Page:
Investors Bank and Trust CSO Jeff Bardin wrote an interesting blog post in May about how companies "taken private" by private-equity firms were cutting back on audit and security staff now that they were no longer subject to Sarbanes-Oxley.
This got me thinking that perhaps the recent credit crunch might be good for us security people in a couple of ways. First of all, less credit means less cash available to finance these deals that endanger the security budget. More importantly though, businesses are going to be more attuned to how making risky business decisions can have far ranging effects, and before taking these decisions they should be more informed about how big those risks are. Heightened awareness of risk-reward principles can only be a good thing for a security guy who is able to talk about risks in business language, and draw parallels between what is happening in the marketplace with the way an organization takes decisions around security.
When Forrester first published the report The Information Workplace Will Redefine The World Of Work At Last in June of 2005, we described the Information Workplace as contextual, role-based, seamless, guided, visual, and multimodal. We included some Web 2.0 technologies like blogs and wikis in our discussion about the elements of the Information Workplace. But the impact Web 2.0 will have on the way people work goes way beyond new collaboration tools. With Web 2.0:
The question of measuring ROI of social computing is hot because it's so much a part of enterprise software acquisition. As information and knowledge management professionals move to get ahead of this emerging technology curve, they find a very consistent pattern:
People are using this stuff! Blogs and wikis in particular are popping up everywhere. Why not? They are easy to access, often free, and they are dead simple to use. It's one of those permission / forgiveness things. We've all done it.
If people are using these things that IT doesn't know about, there is no way of ensuring security, privacy, availability, governance, compliance, risk mitigation and all of those good things that keep the organization running and employees out of trouble (maybe even jail!).
Most really don't want to shut it down because in many instances these are more efficient solutions than those provided by the organization. These tools are often just easier and better for generating and publishing content.
The natural inclination in this situation would be to bring in the tradtional software vendors and see if they can support these new technology directions. Not surprisingly, a number of big vendors are ready and willing to help, including BEA, IBM/Lotus, Microsoft, Oracle and SAP.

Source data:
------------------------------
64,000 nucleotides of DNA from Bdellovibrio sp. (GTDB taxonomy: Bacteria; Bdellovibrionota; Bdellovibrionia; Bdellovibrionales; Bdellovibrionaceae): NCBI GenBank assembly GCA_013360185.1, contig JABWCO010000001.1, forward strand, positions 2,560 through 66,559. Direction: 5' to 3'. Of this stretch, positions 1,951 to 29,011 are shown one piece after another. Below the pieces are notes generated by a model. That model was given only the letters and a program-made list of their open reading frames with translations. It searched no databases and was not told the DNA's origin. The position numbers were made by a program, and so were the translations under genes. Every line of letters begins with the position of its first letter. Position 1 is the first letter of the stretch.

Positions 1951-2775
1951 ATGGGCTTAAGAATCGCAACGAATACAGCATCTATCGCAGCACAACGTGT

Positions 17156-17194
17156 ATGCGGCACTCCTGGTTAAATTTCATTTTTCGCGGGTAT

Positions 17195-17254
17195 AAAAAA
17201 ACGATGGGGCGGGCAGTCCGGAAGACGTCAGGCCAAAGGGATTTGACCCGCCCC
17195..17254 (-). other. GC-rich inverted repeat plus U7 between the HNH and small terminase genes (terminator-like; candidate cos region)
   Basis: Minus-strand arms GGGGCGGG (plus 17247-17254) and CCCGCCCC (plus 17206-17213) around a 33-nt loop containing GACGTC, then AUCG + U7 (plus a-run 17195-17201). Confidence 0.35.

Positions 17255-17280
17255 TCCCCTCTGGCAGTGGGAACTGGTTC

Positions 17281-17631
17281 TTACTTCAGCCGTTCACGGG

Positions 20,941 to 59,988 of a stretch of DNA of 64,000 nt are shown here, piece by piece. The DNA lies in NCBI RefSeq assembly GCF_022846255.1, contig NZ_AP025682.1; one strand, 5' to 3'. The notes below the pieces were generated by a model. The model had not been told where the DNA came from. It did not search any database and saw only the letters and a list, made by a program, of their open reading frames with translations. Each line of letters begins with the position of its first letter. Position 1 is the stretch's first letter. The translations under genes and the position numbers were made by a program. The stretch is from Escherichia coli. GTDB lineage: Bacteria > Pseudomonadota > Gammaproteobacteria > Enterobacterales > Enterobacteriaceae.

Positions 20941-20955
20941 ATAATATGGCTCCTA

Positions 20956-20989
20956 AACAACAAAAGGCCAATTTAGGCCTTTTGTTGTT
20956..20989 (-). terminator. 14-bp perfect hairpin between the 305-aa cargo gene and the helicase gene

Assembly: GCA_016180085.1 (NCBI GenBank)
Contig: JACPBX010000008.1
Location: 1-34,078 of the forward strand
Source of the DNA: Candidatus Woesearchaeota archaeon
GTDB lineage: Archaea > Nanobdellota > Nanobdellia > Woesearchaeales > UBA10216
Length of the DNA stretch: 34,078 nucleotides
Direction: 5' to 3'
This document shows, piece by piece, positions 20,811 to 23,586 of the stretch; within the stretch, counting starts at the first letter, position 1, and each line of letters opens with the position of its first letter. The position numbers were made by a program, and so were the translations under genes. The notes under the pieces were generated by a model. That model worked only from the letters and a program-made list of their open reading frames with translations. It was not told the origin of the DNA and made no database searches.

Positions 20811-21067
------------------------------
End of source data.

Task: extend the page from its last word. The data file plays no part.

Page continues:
Sounds great. Lots of reasons to go with one of the big vendors (see bullet 2).
How much will it cost? How much will it give back? In other words, can the acquisition be justified with a strong return on investment analysis?
I get many questions on dashboards and scorecards and the role these tools play in BI (Business Intelligence). If we use Forrester’s definition of BI — a set of methodologies, processes, architectures, and technologies that transform raw data into meaningful and useful information — then we see that dashboards are just the tip of the BI iceberg. One cannot build “just a dashboard”, without considering, architecting and implementing many other necessary BI layers and components such as data integration (ETL, data quality, etc), analytics (OLAP), metrics management, and many supporting components such as collaboration, knowledge management, metadata and master data management, and others. So that’s the first key takeaway: do not be fooled by 2nd tier dashboard vendor claims that one can implement an enterprise wide dashboard easily and inexpensively.
Let’s start with definitions, since I see the terms dashboards and scorecards used interchangeably:
Dashboards are just one style of interactive user interface, designed to deliver historical, current, and predictive information typically represented by key performance indicators (KPIs) using visual cues to focus user attention on important conditions, trends and exceptions.
Scorecards are a type of a dashboard which link KPIs to goals, objectives and strategies. Many scorecards follow a certain methodology, such as Balanced Scorecard, Six Sigma, Capability Maturity Models, etc.